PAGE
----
#### Power Rule:

$\int x^ndx = \frac{x^{n+1}}{n+1} + C$ for some real number $n$

#### Constant Rule:

$\int adx = ax + C$ for some constant $a$

#### Reciprocal Rules:

$\int \frac{1}{x}dx = \int x^{-1}dx = \ln{|x|} + C$

$\int\frac{1}{ax+b}dx = \frac{1}{a} \ln{(ax+b)} + C$

#### Exponential and Logarithmic Function Rules:

$\int e^xdx = e^x + C$

$\int a^xdx = \frac{a^x}{\ln{(x)}} + C$, for any positive real number $a$

$\int \ln{(x)}dx = x\ln{(x)}-x + C$

#### Trigonometric Function Rules:

For these rules, assume that $x$ is in radians.

$\int \sin{x}dx = -\cos{x} + C$

$\int \cos{x}dx = \sin{x} + C$

$\int \sec ^2 xdx = \tan{x} + C$

$\int \csc ^2 xdx = -\cot{x} + C$

$\int \sec{x}\tan{x}dx = \sec{x} + C$

$\int \csc{x}\cot{x}dx = -\csc{x} + C$

## Two Common Mistakes Using U-Substitution

Choosing the wrong $u$ or $du$

Many students struggle with determining which expression to designate as $u$ and which expression to designate as $du$. Choosing the wrong $u$ and $du$ will result in an incorrect answer.

Remember, you’re looking for two functions within the integrand that fit the framework given by the chain rule. Make sure that $u$ is equal to the “inside” function of the chain rule, or the inner part of the composite of functions. Double-check that you’ve differentiated $u$ correctly to find $du$.

Forgetting to multiply/divide by a constant, when necessary.

Sometimes, your calculated $du$ isn’t immediately visible inside the integrand. In this case, you can algebraically adjust your $du$ substitution to match the expression that is present in the integrand. Usually, this means multiplying or dividing the integrand by a constant. For example, consider $\int x \sin{(x^2+1)}dx$.

Solving for $u$ and $du$, we find the $u = x^2+1$ and $du = 2xdx$. But it’s clear that $du = 2xdx$ isn’t part of our integrand, and can’t be immediately substituted.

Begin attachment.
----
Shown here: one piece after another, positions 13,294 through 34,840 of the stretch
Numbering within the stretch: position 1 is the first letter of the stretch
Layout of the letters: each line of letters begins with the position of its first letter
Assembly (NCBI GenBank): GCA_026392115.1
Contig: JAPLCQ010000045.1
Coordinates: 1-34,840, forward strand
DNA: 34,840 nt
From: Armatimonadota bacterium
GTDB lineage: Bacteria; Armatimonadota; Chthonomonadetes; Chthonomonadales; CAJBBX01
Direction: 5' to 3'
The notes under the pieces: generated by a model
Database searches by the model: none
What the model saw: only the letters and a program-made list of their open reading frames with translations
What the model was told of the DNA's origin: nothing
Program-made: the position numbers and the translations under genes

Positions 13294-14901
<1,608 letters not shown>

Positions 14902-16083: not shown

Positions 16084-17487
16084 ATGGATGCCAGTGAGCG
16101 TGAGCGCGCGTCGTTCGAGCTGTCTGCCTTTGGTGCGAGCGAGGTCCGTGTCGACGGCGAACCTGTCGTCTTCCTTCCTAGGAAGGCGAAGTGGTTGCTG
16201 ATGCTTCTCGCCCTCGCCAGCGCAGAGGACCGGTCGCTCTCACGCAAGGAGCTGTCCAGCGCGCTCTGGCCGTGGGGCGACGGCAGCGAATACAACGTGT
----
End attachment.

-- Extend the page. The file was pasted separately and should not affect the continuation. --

This is easily fixed. While $du = 2xdx$ isn’t present, notice that $xdx$ is. We can solve for $xdx$ and substitute that value into our integrand instead. Dividing both sides of $du = 2xdx$ by 2, we find that $\frac{1}{2}du = xdx$.

Now, we can substitute $u = x^2+1$ and $\frac{1}{2}du = xdx$ into the integrand and solve normally.

$\int f(g(x))g’(x)dx = \int f(u)du$
$\int x \sin{(x^2+1)}dx = \frac{1}{2} \int \sin{(u)}du$
$= -\frac{1}{2} \cos{(u)}$
$= -\frac{1}{2} \cos{(x^2+1)} + C$

## Examples of U-Substitution

We’ll work through 3 more practice problems together.

### Example 1

Evaluate $\int \frac{3}{(3x+1)^2}dx$.

### Solution:

Let $u = 3x + 1$. Then, $du = 3dx$. Now, we can substitute $u$ and $du$ into the integrand.

$\int f(g(x))g’(x)dx = \int f(u)du$
$\int \frac{3}{(3x+1)^2}dx = \int \frac{du}{u^2}$
$= \int u^{-2}du$
$= \frac{u^{-1}}{-1}$
$= \frac{1}{-3x-1} + C$

### Example 2

Evaluate $\int \sqrt{5x+2}dx$.

### Solution:

Let $u = 5x + 2$. Then, $du = 5dx$. But notice that $5dx$ is not immediately visible in our integrand. We can fix this by cleverly manipulating the integrand so that $5x$ becomes present. We’ll use the trick that $\frac{1}{5} \cdot 5 = 1$. So, we have:

$\int \sqrt{5x+2}dx = \int \frac{1}{5} \cdot 5 \sqrt{5x+2}dx$

Now we can substitute $u$ and $du$ as normal, and use the constant multiplier rule to bring the constant $\frac{1}{2}$ outside of the integral.

$\int f(g(x))g’(x)dx = \int f(u)du$
$\int \frac{1}{5} \cdot 5 \sqrt{5x+2}dx = \frac{1}{5} \int \sqrt{u}du$
$= \frac{1}{5} \int u^{\frac{1}{2}}du$
$=\frac{1}{5} \cdot \frac{u^{\frac{3}{2}}}{\frac{3}{2}}$
$=\frac{1}{5} \cdot \frac{2}{3}u^{\frac{3}{2}}$
$=\frac{2}{15}u^{\frac{3}{2}}$
$=\frac{2}{15}(5x+2)^{\frac{3}{2}} + C$

### Example 3

Evaluate $\int \frac{\ln{(x)}^2}{x}dx$.

### Solution:

Let $u = \ln{(x)}$. Then, $du = \frac{1}{x}dx$. Now, we can substitute $u$ and $du$ into the integrand.

$\int f(g(x))g’(x)dx = \int f(u)du$
$\int \frac{\ln{(x)}^2}{x}dx = \int u^2 du$
$= \frac{u^3}{3}$
$= \frac{\ln{(x)}^3}{3} + C$